SUBJECT: Ph.D. Dissertation Defense
BY: Jared Delahanty
TIME: Wednesday, October 28, 2015, 2:00 p.m.
PLACE: Love Building, 109
TITLE: Desorption of Ammonia-Water Mixtures in Microscale Geometries for Miniaturized Absorption Systems
COMMITTEE: Dr. Srinivas Garimella, Chair (ME)
Dr. Thomas Fuller (ChBE)
Dr. Caroline Genzale (ME)
Dr. Mostafa Ghiaasiaan (ME)
Dr. Samuel Graham (ME)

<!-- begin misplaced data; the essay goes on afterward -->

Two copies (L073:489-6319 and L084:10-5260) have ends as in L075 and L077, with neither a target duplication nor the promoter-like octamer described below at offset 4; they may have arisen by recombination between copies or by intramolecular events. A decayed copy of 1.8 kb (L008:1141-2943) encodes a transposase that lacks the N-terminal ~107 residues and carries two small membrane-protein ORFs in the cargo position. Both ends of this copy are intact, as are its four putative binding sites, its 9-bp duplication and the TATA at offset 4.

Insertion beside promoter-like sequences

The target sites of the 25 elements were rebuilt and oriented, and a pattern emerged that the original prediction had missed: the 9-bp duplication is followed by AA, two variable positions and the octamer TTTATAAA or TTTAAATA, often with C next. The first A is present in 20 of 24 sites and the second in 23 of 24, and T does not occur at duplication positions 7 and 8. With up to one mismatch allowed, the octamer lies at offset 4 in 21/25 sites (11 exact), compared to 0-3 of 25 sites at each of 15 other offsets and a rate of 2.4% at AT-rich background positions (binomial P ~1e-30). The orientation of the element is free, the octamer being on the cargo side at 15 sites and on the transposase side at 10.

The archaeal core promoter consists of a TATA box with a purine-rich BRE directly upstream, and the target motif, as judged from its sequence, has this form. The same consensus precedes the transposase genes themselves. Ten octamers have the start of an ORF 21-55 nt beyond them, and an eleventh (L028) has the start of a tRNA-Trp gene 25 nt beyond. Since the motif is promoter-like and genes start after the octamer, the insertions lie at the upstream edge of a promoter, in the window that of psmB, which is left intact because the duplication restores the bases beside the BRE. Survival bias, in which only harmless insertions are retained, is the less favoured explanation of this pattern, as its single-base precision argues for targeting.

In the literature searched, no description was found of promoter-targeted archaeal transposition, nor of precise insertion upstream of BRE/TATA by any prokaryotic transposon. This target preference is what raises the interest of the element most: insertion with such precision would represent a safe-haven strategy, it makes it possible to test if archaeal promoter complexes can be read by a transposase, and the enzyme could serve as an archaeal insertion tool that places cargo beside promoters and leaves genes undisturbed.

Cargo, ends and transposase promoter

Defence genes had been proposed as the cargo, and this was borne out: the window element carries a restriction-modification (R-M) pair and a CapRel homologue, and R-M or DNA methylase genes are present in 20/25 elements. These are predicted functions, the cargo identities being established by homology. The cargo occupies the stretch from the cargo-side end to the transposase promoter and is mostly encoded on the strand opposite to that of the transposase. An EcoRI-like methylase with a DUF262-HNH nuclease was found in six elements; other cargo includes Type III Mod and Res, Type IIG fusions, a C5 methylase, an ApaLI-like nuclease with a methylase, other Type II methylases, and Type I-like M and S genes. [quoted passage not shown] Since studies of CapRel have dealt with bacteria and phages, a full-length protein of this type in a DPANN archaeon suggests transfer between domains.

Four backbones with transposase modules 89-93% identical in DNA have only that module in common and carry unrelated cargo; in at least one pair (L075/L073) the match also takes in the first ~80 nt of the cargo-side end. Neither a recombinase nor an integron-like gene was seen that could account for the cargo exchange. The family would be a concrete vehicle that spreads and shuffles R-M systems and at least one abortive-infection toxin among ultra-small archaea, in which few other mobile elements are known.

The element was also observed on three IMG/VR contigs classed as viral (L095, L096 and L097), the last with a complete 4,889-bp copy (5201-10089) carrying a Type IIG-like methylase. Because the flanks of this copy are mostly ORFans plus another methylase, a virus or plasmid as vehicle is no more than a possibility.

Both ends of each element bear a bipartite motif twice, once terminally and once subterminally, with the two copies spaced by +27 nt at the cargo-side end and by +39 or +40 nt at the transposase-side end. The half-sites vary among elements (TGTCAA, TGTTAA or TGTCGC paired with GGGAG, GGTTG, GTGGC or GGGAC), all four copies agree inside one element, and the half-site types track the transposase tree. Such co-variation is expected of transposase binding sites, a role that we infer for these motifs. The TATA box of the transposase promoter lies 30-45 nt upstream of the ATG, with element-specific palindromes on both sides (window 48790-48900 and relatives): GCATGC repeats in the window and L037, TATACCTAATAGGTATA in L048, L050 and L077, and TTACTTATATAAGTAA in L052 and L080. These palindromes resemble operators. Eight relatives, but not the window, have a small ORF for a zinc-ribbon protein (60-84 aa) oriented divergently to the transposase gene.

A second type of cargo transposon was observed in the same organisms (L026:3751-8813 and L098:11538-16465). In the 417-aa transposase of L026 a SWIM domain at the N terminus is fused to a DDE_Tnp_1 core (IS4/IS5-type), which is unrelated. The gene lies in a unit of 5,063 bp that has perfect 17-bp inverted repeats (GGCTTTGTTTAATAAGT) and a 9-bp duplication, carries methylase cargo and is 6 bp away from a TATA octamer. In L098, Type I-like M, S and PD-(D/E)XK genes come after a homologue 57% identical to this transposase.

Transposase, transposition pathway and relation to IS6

A study of ammonia-water desorption in compact counter-flow geometries was conducted. Two novel vapor generation units, comprising integrated desorber, analyzer, and rectifier segments that use microchannel geometries, were conceptualized. Segmented heat and mass transfer models, based on available correlations and modeling methodologies, were developed and used for the design of branched tray and vertical column test sections. Results of the heat and mass transfer experiments were compared with the predictions of correlations and modeling methods in the literature. The vapor generation unit (VGU) test sections were evaluated across a range of concentrated solution concentrations (0.400 โ€“ 0.550), desorber coupling-fluid inlet temperatures (170 โ€“ 190แต’C), and concentrated solution flow rates (0.70 โ€“ 1.3 g s-1). The novel VGUs were shown to achieve ideal cooling capacities as high as 432 W. Ideal COPs as high as 0.561 were also achieved. Experimental heat transfer coefficients were found to range from approximately 1860 to 11690 W m-2 K-1 for the pool-boiling desorption of the branched tray VGU. A new correlation was proposed and shown to provide good agreement with the data, achieving average and average absolute deviation of -5.2 and 16.1%, respectively, across the range of conditions tested. Falling-film evaporation/boiling heat transfer coefficients, determined for the desorption process in the vertical column VGU, were found to range from approximately 1290 to 4310 W m-2 K-1. Rectifier condensation heat transfer coefficients ranging from approximately 160 to 250 W m-2 K-1 were observed. Mass transfer coefficients for the desorbers of both concepts were also quantified. These results were used to develop revised heat and mass transfer models of the VGU concepts. The revised models were demonstrated to predict component-level performance with reasonable accuracy, and may be used in the design of future compact VGUs with similar geometries and operating conditions.